The Philosophy series: David Hume edition

The Philosophy series: David Hume edition

An old school friend of mine posted on Facebook that her five year-old had recently posed the question, ‘How did the first person get on this world? There wouldn’t have been anyone for them to be born from.’

Whilst I  found the question amusing, my response was definitely that of a philosophy teacher:

‘David Hume would say that she’s only looking for a first cause because it’s emotionally reassuring, and that you should tell her that ‘instances of which we have had no experience need not resemble those of which we have had experience…’ The existence of man may just be ‘brute fact’.

I was initially worried that my response was overly convoluted but I needn’t have worried as my friend’s response was additionally thought provoking –  pondering the question of why children ask some questions and of course, the observation that they are rarely governed by reason!

It struck me that a number of the philosophers that I talk about in the classroom are applicable to the world of parenting and that it would be interesting to consider what advice they may give – so let’s begin with Hume:

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David Hume was of course, a 18th century Philosopher, born and raised in Edinburgh. I largely look at his work relating to the Philosophy of Religion but he’s also a big player in logic and moral philosophy – so a pretty clever guy!

The quotation I gave my friend, in full  reads, that there is no logical justification for saying ‘that instances of which we have had no experience must resemble those of which we have had experience, and that the course of nature continues always the same.’ To set this in context, Hume was writing against the idea of the Causal Principle – the theory that everything has a cause.

He argued that it’s only our experiences that lead us to believe that everything has a cause but that this may just be ‘an arbitrary act of the mind.’ It may be emotionally and intellectually reassuring to believe that this is the case but this is no more than an assumption (believing without reason).

The problem with Hume giving us  this conclusion, is that it leaves us with ‘brute fact’. Things are the way they are for no reason, in other words, that age old parenting catch phrase ‘because I said so.’ Brute fact, no reason! Which no child was happy with… ever.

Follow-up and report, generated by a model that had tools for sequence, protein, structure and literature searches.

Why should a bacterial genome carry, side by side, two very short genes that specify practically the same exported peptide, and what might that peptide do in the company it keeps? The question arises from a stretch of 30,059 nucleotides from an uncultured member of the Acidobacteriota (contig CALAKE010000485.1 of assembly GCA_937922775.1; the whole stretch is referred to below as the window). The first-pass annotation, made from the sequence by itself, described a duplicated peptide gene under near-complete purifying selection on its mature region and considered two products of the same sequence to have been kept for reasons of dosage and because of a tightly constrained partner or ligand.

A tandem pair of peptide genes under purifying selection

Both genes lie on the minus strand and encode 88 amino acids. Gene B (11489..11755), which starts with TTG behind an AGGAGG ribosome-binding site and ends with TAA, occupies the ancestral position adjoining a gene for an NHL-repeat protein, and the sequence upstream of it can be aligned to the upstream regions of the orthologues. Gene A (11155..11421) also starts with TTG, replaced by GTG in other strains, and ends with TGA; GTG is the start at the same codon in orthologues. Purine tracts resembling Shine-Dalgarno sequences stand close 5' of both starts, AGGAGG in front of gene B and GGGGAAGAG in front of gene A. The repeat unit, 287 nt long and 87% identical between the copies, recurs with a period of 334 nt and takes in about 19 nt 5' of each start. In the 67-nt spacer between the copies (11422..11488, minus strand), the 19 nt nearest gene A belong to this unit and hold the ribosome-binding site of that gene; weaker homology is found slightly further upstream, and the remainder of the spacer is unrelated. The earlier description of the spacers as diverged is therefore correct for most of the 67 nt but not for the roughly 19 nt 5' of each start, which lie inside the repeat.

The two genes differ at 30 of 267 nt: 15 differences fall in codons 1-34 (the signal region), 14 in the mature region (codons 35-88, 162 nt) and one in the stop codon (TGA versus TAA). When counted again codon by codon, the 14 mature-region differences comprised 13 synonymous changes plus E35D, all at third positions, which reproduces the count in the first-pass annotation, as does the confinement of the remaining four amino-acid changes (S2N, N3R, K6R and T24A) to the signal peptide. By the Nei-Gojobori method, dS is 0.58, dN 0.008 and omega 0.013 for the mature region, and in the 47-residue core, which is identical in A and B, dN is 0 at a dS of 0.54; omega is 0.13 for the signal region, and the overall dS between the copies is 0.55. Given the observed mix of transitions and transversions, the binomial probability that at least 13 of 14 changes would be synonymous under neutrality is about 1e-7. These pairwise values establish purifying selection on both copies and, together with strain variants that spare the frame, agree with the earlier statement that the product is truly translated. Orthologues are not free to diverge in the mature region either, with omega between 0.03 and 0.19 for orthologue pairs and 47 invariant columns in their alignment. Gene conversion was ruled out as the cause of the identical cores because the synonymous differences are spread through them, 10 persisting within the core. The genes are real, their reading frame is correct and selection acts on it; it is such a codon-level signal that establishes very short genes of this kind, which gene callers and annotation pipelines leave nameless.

Hume raises the point that our experiences are actually incredibly limited. We have only experienced a very small corner of the universe for a relatively minuscule amount of time. Just because our ‘experience’ tells us something, given our limitations that knowledge isn’t necessarily accurate!

What can this teach us as parents?

Firstly, to not be pessimistic. When times are tough, it’s good to remember that life may only be this way for a very short amount of time. For example, just because Thomas did not sleep through last night, does not necessarily mean he won’t tonight. I may still have a cough that feels like it’s been going on forever, but in reality this  will pass – it’s not a constant rule that I have to feel like rubbish!

Secondly, that there is not always a reason for everything. Katie particularly can cause me a great deal of bemusement in life as she flits from one activity to another. Sometimes she seems to do things for no reason what so ever – covering the entire living room in sellotape being a notable example. One could reason that it was fun or that she was in some little imaginary world, but when questioned about it her response was ‘I don’t know!’ Does there really have to be an answer to everything?

Thirdly, reflecting on why children question all the time may help us to develop the patience to cope with those many, many questions. Hume argued that we want the answers to things because ‘it’s emotionally reassuring.’ I definitely want Katie to feel emotionally reassured. That seems like a good parenting aim rather than something to be derided.

Katie is certainly full of questions, all the time. Although they may not be at the deepest level, it is her way of making sense and learning about the world around her. I do like to turn them back at her by questioning either why she thinks something is the way it is, or by asking why she wants to know. But actually, although I may think she is trying to be irritating – this really isn’t the case at all.

Getting back to the philosophy -Hume’s argument that the Causal Principle was wrong has been backed up by modern science. Heisenberg’s uncertainty principle demonstrated that the smallest components parts of matter are subject to unpredictable fluctuations. There do appear to be spontaneous events in which particles appear from nothing. One can clearly argue that whilst these events are not devoid of causal conditions, they do weaken the argument that ‘everything has a cause.’

Of course, fluctuations in matter are very different from the conditions needed to cause the Big Bang and for evolution to occur… or in the words of my friend’s child,  Issy,  for there to be people to be ‘born from!’

Right or wrong – at least Hume gives us something to think about!

And feel free to pin this for later:

How to field the 'Why' Questions - Edinburgh Life with Kids

 

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